REALTORS® rein in Zion’s nuisance property ordinance


The Illinois REALTORS® does not just advocate against transfer taxes and government pre-sale home inspections — we took the lead in reining in the city of Zion’s chronic nuisance property abatement ordinance that was, among other things, targeting sexual assault and crime victims.

Zion’s chronic nuisance property abatement ordinance authorizes city staff to contact property owners when two of 13 defined nuisance activities are found to have occurred within a 180 day period. If a property owner does not respond or a proposed plan of action is not mutually agreed upon, the property must be shut-down for a period of 30 to 180 days and all occupants, regardless of culpability, must immediately vacate the building and be subject to homelessness. Other penalties include civil fines and judicial remedy.

The Illinois REALTORS® has long maintained concerns with these types of ordinances that often penalize property owners for seeking police assistance – the police services they pay for. Echoing our concerns, the Sargent Shriver Center on National Poverty Law, writes, in their report, the Cost of Being “Crime Free”: Legal and Practical Consequences of Crime Free Rental Housing and Nuisance Property Ordinances, “these ordinances present numerous potential pitfalls that can cause serious harm to tenant households, landlords, and the community at large and expose municipalities to legal liability.”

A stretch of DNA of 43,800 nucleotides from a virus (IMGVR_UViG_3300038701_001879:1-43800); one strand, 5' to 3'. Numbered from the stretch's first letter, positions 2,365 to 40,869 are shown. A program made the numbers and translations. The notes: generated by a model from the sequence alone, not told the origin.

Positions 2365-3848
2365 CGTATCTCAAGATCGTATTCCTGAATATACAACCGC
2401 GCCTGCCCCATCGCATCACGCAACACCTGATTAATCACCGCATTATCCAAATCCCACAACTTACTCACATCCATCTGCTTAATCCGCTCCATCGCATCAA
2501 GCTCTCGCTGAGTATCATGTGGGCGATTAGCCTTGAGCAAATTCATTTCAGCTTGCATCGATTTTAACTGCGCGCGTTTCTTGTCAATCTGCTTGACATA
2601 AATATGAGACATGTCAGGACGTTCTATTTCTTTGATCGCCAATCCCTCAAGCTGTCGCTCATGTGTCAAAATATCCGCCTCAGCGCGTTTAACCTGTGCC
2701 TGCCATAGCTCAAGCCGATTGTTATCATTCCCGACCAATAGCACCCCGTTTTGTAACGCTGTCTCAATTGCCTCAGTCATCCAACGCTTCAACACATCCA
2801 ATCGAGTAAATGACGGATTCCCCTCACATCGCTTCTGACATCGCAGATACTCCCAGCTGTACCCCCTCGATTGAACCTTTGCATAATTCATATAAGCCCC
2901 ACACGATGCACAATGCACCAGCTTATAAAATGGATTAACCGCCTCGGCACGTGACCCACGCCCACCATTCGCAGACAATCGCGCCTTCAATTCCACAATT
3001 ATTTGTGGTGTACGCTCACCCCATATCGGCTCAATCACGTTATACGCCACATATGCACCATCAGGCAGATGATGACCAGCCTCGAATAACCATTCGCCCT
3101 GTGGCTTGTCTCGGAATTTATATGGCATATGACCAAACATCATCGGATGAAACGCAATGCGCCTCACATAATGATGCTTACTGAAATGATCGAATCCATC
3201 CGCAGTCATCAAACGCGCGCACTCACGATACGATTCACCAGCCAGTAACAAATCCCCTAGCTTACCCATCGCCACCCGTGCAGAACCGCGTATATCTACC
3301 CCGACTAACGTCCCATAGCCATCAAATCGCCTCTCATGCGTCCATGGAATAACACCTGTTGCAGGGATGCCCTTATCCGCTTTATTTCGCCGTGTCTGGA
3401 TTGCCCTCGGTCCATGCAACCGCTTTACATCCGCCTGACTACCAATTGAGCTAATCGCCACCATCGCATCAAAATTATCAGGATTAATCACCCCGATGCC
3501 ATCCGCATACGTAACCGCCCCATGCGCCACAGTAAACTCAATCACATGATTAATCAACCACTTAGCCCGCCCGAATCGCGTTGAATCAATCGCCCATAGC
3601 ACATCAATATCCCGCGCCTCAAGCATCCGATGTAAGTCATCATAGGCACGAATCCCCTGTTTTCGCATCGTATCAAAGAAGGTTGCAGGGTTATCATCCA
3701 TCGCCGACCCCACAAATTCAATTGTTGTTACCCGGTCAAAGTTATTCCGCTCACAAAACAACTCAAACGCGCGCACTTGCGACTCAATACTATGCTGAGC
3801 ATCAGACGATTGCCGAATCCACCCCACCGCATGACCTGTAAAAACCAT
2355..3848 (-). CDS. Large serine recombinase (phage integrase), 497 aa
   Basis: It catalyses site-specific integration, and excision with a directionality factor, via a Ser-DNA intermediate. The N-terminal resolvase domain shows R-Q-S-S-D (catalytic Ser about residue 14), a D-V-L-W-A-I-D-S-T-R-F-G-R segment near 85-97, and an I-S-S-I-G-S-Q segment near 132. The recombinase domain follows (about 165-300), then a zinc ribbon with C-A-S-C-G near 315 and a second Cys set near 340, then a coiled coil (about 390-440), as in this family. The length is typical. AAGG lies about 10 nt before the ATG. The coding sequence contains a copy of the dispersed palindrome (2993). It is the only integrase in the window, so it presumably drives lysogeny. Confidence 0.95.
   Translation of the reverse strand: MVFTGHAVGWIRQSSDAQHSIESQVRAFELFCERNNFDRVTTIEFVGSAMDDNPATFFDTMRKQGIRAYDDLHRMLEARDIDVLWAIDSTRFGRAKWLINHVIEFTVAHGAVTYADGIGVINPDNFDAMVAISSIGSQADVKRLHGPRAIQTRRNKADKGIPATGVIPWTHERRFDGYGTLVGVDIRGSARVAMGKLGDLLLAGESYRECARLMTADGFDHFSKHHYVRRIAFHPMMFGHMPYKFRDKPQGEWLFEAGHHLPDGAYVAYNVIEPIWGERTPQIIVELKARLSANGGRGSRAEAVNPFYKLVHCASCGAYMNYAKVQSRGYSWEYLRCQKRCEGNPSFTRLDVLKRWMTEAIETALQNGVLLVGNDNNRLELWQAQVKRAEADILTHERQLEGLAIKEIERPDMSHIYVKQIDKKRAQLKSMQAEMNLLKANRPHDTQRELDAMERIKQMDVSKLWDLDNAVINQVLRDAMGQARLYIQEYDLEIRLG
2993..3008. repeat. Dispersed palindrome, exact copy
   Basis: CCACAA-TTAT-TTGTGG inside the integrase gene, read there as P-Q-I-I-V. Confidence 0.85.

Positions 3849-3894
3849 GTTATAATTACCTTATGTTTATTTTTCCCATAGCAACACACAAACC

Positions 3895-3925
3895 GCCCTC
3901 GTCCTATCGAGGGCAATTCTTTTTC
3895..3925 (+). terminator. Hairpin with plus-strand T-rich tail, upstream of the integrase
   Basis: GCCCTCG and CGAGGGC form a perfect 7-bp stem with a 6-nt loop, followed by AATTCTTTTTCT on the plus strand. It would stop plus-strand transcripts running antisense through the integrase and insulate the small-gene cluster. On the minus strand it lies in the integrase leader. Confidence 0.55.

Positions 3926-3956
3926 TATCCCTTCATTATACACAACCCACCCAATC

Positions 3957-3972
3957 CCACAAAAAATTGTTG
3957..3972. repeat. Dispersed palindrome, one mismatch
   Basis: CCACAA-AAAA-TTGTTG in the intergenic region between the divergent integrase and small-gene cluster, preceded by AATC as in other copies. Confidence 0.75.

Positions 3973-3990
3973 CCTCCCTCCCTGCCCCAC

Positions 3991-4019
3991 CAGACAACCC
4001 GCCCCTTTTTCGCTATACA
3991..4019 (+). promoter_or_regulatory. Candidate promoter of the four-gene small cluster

Upon hearing of escalated and abusive enforcement, the Mainstreet Organization of REALTORS® (MORe) Lake County Government Affairs Committee took the lead in investigating, and uncovered, among other concerns, that the city was violating its own policy by enforcing the ordinance even in cases of just one alleged nuisance instance and breaking Illinois law by enforcing the ordinance against the disabled and victims of domestic and sexual violence at risk.

According to a front page Lake County News-Sun story profiling our findings, Zion Mayor Al Hill says the city is now sending far fewer violation notices, no longer enforcing against crime victims, and violation notices now must have supervisory approval.

Illinois REALTORS® and MORe will continue to monitor this ordinance for continued abuse. To read the Lake County News-Sun’s story on Zion’s ordinance, click here; to read the Lake County News-Sun’s editorial calling the ordinance “misguided,” go here.